The high-grade fossil limestone or 'nummulitic' limestone deposits of Assam are geologically known as 'Syket limestone' as these belong to that groups of rocks. The limestone deposits are confined in areas of Garo hills, united Khasi and Jaintia hills, Cachar hills and Mikir hills. One of the largest outcrops of limestone is at the foot of the Khasi hills. Vast deposits of high-grade limestone are best observed in the Jowai area. Lime stones of the Khasi and Jaintia hills can be used for manufacture of cement and for lime-burning purposes. It can be used in chemical industries and for metallurgical purposes. The limestone deposits of the state offer vast scope for developing innumerable industries where limestone is required.


The sillimanite deposits of the Nongstoin state in the Khasi hills are world famous from the point of view of quantity and purity of the mineral. Assam is the major producer of this mineral in India and contributes more than 90% of the total production. Corundum is found to occur in association with the sillimanite deposits. Low-grade 'quartz-sillimanite schists' also occur in the same area.


Assam is endowed with fairly large reserves of sedimentary white clays as well as Kaolin or 'China clay', which forms an important basic raw material for ceramic or refractory industries. These Clays are found to occur at many places in the Garo hills, Khasi and Jaintia hills and the Mikir hills. This clay is quite suitable for the manufacture of medium to low-grade white wares and other ceramic products like stoneware pipes, sanitary ware, glazed tiles and bricks. The Kaolin deposit near Mawphlang is found to be as good as the Kaolin of corn wall.
Glass Sands

Deposits of fine-grained, white friable sandstones has been located in the coalfields of the Laitryngew and Cherapunji areas. The friable quartzite of the Shilllong series around shillong and the Tura sandstones of the Garo hills are suitable for manufacture of sheet glass and fruit glass after washing.

Iron Ore

Occurrence of banded-iron ore have been located in the Chanderdinga hills and Abhayapuri areas in Goalpara district and in the Aradanga-Rangchapara areas on the border of the Kamrup and Khasi and Jaintia hills districts


Copper minerals occur in the Umpyrtha and Ranighat areas in the Khasi and Jaintia hills and also in the Mahamaya hills in Goalpara district.


Felspar is a common mineral found to occur in association with granites. Recently workable felspar deposits have been recorded near the Hahim area in Kamrup district.


Gold is reported to occur in sands, gravels and alluvial terraces along some of the rivers in the Lakhimpur, Sibsagar and Darrang districts of Assam.

A gold-bearing rock was located at a place about 5 miles southwest of Mawphlang.


Gypsum in the form of selenite crystals and disseminated in shale beds occur at Mahendraganj in the Garo hills and at a few places in the Mikir hills.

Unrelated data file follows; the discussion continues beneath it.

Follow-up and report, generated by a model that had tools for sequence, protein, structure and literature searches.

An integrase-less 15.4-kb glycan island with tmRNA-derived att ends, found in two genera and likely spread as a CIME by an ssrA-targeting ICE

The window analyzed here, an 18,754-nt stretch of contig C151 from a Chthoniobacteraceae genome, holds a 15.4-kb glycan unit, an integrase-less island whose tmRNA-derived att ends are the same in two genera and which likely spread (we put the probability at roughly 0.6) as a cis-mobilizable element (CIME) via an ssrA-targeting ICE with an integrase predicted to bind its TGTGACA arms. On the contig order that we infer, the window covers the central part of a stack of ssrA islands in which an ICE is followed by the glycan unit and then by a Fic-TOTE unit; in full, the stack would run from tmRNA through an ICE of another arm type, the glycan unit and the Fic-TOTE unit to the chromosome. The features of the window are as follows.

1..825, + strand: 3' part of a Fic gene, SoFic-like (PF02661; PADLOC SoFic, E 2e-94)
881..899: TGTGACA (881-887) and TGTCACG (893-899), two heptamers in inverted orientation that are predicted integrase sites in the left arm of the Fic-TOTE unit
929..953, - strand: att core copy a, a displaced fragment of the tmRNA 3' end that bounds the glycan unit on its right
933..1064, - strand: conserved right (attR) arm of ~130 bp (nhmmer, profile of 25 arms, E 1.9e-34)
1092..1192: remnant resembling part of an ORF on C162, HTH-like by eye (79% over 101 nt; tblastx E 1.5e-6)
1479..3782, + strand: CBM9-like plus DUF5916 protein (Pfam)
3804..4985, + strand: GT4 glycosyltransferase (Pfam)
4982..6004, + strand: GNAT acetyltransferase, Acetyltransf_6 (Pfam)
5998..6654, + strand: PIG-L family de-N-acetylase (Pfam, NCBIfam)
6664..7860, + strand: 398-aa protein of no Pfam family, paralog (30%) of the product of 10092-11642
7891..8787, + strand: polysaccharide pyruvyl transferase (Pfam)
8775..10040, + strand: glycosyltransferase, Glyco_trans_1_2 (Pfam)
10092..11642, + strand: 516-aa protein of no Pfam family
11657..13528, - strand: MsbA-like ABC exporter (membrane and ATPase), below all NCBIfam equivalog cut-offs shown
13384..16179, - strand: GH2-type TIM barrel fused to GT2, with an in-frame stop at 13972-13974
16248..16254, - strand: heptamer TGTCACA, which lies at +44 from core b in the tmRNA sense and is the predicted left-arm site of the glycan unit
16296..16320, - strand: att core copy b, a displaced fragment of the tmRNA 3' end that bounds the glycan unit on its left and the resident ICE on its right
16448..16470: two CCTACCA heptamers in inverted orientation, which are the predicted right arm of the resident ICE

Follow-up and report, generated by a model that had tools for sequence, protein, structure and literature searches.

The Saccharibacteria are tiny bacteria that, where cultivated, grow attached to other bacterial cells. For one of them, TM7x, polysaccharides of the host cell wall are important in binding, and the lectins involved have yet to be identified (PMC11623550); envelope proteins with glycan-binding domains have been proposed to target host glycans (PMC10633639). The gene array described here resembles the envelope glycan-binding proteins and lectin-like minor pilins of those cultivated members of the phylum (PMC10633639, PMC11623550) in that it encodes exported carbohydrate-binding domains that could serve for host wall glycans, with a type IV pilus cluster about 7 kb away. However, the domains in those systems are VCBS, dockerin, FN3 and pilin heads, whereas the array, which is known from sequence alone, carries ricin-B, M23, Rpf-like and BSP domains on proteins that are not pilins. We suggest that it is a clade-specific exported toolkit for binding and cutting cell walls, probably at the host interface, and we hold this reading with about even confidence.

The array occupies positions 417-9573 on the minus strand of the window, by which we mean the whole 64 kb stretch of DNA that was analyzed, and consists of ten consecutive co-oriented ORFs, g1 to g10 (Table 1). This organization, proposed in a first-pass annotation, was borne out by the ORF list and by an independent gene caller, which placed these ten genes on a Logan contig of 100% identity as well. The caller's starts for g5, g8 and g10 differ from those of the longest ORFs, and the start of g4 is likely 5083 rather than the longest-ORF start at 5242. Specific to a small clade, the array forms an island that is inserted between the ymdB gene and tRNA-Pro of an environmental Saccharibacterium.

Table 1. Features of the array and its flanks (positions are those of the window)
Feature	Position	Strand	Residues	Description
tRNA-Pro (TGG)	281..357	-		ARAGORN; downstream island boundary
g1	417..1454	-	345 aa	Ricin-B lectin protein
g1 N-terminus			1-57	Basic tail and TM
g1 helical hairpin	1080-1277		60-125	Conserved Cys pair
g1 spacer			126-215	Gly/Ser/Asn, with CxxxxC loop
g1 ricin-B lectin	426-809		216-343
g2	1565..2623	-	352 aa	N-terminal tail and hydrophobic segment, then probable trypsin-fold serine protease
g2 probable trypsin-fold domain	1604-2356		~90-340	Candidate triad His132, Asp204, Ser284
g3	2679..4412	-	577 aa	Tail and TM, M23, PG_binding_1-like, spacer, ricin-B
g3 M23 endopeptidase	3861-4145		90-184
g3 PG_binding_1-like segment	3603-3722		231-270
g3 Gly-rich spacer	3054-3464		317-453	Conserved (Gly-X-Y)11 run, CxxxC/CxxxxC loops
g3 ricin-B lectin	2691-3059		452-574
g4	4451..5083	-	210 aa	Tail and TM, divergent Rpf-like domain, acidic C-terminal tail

Adventurous Activities


The river Jia Bhoroli, Kapili and Manas are the best places for angling. The Jia Bhoroli river is home to the fierce game fish, the Golden Mahseer, or tiger of the Himalayan rivers. Famous for its golden Mahseer, an annual Angling competition is held regularly at Jia Bharali where a number of anglers both from outside the state as well as abroad participate every year. Angling is so popular a sport here that there is an organised body by the name 'Assam Bhoroli Anglers Association' which organises this sport in the month of November every year in collaboration with the State Forest Department.


Eco Camp, Situated in the fringes of Nameri National Park is an ideal camping site with all modern amenitites

River Cruise

The turbulent rivers, the mystic blue hills, the savage terrains and serene countryside beckon the adventurers to Assam. Challenge the Brahmaputra, one of the four largest rivers in the world and cruise down the mystic river from Ninging to Dhubri.

Boat Racing

Boat racing is a very popular sport of the state. People very often organise boat racing during festive occasions at places like Hajo, Saulkuchi, Barpeta, Guwahati etc. The involvement of the masses in this sport can be compared with the snake-boat racing in Kerala.

River Rafting

The mighty river Brahmaputra and its turbulent tributaries like Manas, Jia Bhoroli and Kapili offer immense scope for River Rafting. The fiery rapids in these rivers fuel the spirit of adventure in you.


Most of the tea gardens of Assam have golf courses attached to them. All of them are 9 hole golf courses except for Digboi which is an eighteen hole course. Assam has 21 golf courses. Most of these are run by the tea estates and have air strips attached to them.

A stay in the tea garden, playing golf and driving through tea country is an unforgettable experience.

Mountaineering & Trekking